Sean Smith: Ink Spill: Inside the Battle to Shape the News Coverage of Last Year’s Oil Gusher One year ago on Friday, the runaway oil well in the Gulf of Mexico was capped, ending one of the longest-running and most popular reality news shows in American history. At the time I was the Assistant Secretary […]
No part of the federal government is more at risk in Washington’s mindless approach to budget cutting than the U.S. Coast Guard. By every responsible measure, the service is blinking red when it comes to the challenge of matching vital missions to capability. Yet, Congress appears ready to gut the service to preserve funding for “pork barrel” grants. No wonder the Coast Guard is singing the blues.
DHS Secretary Janet Napolitano announced that the United States is no longer going to screen every cargo container before it enters the United States
The U.S. Coast Guard (USCG) accounts for about one-quarter of the staff of the Department of Homeland Security. Its role in protecting the homeland is vital. The White House is poised to make the bad state of the service’s aging fleet worse, cutting back even further on the anemic plans to refurbish and replace aging vessels. This disaster in the making will have consequences nowhere worse than in the Pacific, where the oceans are as big as U.S. interests.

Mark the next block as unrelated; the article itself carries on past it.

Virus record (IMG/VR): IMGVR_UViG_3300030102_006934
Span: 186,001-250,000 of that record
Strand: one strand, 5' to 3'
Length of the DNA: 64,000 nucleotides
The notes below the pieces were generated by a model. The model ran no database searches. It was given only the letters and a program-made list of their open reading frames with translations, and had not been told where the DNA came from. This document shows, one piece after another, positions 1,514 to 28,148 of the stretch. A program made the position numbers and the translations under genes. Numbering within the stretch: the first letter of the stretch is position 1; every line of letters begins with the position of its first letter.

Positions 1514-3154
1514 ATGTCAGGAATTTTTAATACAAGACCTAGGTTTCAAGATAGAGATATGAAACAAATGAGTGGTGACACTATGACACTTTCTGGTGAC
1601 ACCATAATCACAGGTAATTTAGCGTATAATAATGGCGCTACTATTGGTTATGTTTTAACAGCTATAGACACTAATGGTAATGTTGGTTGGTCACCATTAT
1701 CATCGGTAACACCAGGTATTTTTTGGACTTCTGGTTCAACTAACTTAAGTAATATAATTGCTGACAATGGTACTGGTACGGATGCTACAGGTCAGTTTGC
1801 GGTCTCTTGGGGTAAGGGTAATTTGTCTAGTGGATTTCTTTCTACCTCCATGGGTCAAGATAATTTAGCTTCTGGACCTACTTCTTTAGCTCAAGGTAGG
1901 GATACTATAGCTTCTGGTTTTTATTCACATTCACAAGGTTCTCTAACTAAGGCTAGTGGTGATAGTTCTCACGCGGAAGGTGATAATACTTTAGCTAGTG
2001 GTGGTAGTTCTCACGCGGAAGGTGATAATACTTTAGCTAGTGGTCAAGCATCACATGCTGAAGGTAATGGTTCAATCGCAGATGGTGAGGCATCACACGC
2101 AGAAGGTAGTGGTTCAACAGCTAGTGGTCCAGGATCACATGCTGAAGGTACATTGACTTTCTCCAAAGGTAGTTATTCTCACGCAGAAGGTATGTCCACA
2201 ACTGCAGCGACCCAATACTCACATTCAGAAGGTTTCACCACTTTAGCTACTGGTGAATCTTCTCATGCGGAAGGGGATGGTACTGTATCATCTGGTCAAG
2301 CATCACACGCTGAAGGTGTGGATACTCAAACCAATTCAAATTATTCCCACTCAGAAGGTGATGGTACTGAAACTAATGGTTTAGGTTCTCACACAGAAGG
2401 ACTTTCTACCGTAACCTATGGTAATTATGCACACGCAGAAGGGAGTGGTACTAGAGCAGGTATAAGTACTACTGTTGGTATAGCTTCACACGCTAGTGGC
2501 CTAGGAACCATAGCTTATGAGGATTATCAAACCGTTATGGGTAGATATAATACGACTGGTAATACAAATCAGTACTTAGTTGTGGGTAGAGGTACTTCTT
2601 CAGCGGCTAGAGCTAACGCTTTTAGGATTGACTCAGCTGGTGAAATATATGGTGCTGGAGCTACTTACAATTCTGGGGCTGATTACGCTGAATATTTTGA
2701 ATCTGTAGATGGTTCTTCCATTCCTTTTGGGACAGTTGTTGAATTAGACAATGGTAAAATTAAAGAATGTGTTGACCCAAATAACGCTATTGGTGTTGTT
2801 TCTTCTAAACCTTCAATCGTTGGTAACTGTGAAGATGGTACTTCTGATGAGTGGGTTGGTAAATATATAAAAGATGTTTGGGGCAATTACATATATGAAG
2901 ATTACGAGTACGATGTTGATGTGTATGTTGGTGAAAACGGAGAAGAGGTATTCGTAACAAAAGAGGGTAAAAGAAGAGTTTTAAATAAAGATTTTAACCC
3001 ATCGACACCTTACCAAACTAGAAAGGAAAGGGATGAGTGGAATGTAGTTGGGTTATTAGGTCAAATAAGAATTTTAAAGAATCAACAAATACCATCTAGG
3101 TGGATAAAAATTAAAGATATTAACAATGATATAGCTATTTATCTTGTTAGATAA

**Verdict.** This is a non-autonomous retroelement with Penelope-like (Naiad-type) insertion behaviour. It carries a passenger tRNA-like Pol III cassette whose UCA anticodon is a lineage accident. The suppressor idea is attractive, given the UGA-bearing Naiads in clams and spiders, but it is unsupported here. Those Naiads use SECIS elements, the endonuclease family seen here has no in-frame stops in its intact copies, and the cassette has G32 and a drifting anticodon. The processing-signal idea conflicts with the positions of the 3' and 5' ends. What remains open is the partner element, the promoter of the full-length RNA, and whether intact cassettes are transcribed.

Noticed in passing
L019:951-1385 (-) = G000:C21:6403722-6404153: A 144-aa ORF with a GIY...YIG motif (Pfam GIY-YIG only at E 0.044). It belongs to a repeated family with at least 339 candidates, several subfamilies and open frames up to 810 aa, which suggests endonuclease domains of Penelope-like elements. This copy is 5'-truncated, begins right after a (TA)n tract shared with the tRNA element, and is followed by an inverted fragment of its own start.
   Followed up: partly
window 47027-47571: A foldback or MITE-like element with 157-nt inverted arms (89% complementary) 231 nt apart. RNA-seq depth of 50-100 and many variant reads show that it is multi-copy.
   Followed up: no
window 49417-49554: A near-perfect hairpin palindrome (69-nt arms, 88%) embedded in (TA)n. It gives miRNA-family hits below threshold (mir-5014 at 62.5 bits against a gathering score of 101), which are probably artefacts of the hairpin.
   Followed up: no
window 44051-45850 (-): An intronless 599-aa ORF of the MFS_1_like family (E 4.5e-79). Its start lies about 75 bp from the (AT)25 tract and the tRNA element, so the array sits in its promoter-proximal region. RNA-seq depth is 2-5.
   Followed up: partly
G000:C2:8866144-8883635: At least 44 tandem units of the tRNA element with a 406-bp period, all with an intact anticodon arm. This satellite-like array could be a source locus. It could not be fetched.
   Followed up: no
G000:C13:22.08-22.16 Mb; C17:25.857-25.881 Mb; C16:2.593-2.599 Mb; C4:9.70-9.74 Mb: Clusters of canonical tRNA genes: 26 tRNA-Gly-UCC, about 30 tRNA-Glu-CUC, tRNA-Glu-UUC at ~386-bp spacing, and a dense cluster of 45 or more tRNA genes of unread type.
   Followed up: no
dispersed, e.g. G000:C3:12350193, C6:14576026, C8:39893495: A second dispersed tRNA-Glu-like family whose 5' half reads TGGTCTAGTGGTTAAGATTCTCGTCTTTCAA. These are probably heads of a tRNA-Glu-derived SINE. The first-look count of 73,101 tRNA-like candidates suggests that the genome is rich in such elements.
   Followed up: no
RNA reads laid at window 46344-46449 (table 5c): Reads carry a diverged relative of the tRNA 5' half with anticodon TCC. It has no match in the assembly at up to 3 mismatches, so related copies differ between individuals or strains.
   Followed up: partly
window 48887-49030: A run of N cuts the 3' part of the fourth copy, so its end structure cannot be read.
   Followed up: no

Last week, news reports indicated that 18 pirates apprehended after attacking a Singaporean vessel in the Indian Ocean were released to “an undisclosed location” because no nation was willing to detain or prosecute them. Why? The first problem was that while the pirates attacked a Singaporean vessel, they were saved by a Finnish one. And this isn’t the first time this has been a problem.
It’s hard to believe it’s been a year since the BP Oil Spill occurred. There are a lot of important voices to be heard, but for me, the most important one comes from the man who led the months-long response efforts, Admiral Thad Allen, the former Commandant of the U.S. Coast Guard.
Senators Seek to Extend Port Security Programs – GSN News
A pair of U.S. senators on Thursday unveiled legislation to renew programs aimed at thwarting potential transfers of weapons of mass destruction and other illicit cargo through U.S. seaports.
FDA says border check system back on track – NextGov
A system to aid the examination of food and drug imports will be running nationwide by the end of this year after a software glitch held it up for months, Food and Drug Administration Commissioner Margaret Hamburg told Congress on Wednesday.
CBP Re-Examines Manpower Needs At US Ports Of Entry – HSToday
US Customs and Border Protection (CBP) has made recent advances in deploying new infrastructure and technology at US ports of entry, but it has struggled with the staffing levels at those ports, acknowledged the CBP deputy in charge of port operations Tuesday.